Teaching Teachers: Big Costs, Little Payoff

We're wasting billions on professional development, as a new study documents. What can be done about a culture of low expectations?
August 13, 2015 AT 9:00 AM
By Charles Chieppo  |  Contributor
Principal of Chieppo Strategies and former policy director for Massachusetts’s Executive Office for Administration and Finance

Given that it's become a truism that teacher quality impacts student learning more than any other variable within the four walls of a school, the results of a new study of teachers' professional development programs are particularly troubling. There are two main takeaways from the report by TNTP, a nonprofit formerly known as The New Teacher Project: Taxpayers invest a lot more resources in teacher development programs than previously thought, and there is no link between these programs and improved classroom performance.

That second finding, in particular, will have a positive impact if it prompts school districts to clearly define what teacher effectiveness looks like and to measure professional development programs in terms of how they help teachers get closer to that goal.

The study, entitled "The Mirage," was based on surveys of 10,000 teachers and 500 school leaders, along with interviews with more than 100 staff involved in teacher development. The surveys and interviews were conducted in three large school districts and a mid-sized charter school network.

Improvements in performance that were found seemed to stem more from learning the job, almost invariably coming in the first few years of a teacher's career. The difference in effectiveness between the average fifth-year teacher compared to a rookie was more than nine times greater than the difference between the average fifth year teacher and those in their 20th year.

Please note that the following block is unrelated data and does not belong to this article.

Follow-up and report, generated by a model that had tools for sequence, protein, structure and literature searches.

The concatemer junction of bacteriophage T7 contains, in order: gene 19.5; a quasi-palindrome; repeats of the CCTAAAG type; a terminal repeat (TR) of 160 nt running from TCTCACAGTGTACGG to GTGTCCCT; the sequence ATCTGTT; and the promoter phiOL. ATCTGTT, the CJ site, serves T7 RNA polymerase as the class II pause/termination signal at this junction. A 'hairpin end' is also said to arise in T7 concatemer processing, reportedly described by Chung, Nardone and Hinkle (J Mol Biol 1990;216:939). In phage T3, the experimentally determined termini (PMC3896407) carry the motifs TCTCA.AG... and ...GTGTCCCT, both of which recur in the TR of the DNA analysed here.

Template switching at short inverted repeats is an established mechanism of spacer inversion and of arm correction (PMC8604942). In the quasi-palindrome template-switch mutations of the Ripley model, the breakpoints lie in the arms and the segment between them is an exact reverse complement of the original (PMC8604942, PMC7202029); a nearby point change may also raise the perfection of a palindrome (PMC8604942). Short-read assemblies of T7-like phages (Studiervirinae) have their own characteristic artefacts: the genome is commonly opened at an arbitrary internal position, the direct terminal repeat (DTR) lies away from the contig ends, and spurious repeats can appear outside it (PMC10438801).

There is plenty of room to improve. Using multiple measures such as teacher evaluations, classroom observation and student test scores, TNTP rated about half the teachers in their 10th year or beyond as below "effective" in core instructional practices such as developing students' critical thinking.

For this to change, districts need to begin by improving communication with teachers about their performance and areas where improvement is needed. The vast majority of teachers studied received ratings from their districts or charter operator of "meeting expectations" or better. Amazingly, fewer than half the teachers surveyed agreed that they had any weaknesses in their performance. Even among the few teachers who earned low ratings from their own school districts, 60 percent gave themselves high performance ratings.

The line from the study that jumps off the page is that the findings suggest "a pervasive culture of low expectations for teacher development and performance."

The problems are certainly not due to a lack of resources. The districts and charter school network that were the focus of the study spent nearly $18,000 per teacher per year on professional development. They also dedicated 19 full school days, about 10 percent of a typical school year, to the programs. Based on these findings, TNTP estimates that the 50 largest U.S. school districts alone spend about $8 billion annually on teacher development, far more than was previously thought.

TNTP makes several common sense recommendations for fixing the problem. In addition to giving teachers a much better picture of their own performance and progress, districts must explore alternative approaches to professional development. They should evaluate the effectiveness of all teacher development programs based on the programs' ability to yield measurable progress toward a clearly defined standard for teaching and student learning. Resources should be reallocated to the programs that yield the greatest improvement.

"The Mirage" is no outlier. Over the last decade, two federally funded studies of teacher-development programs reached similar conclusions. School leaders should heed TNTP's recommendations, which would make for a good start toward changing that "pervasive culture of low expectations."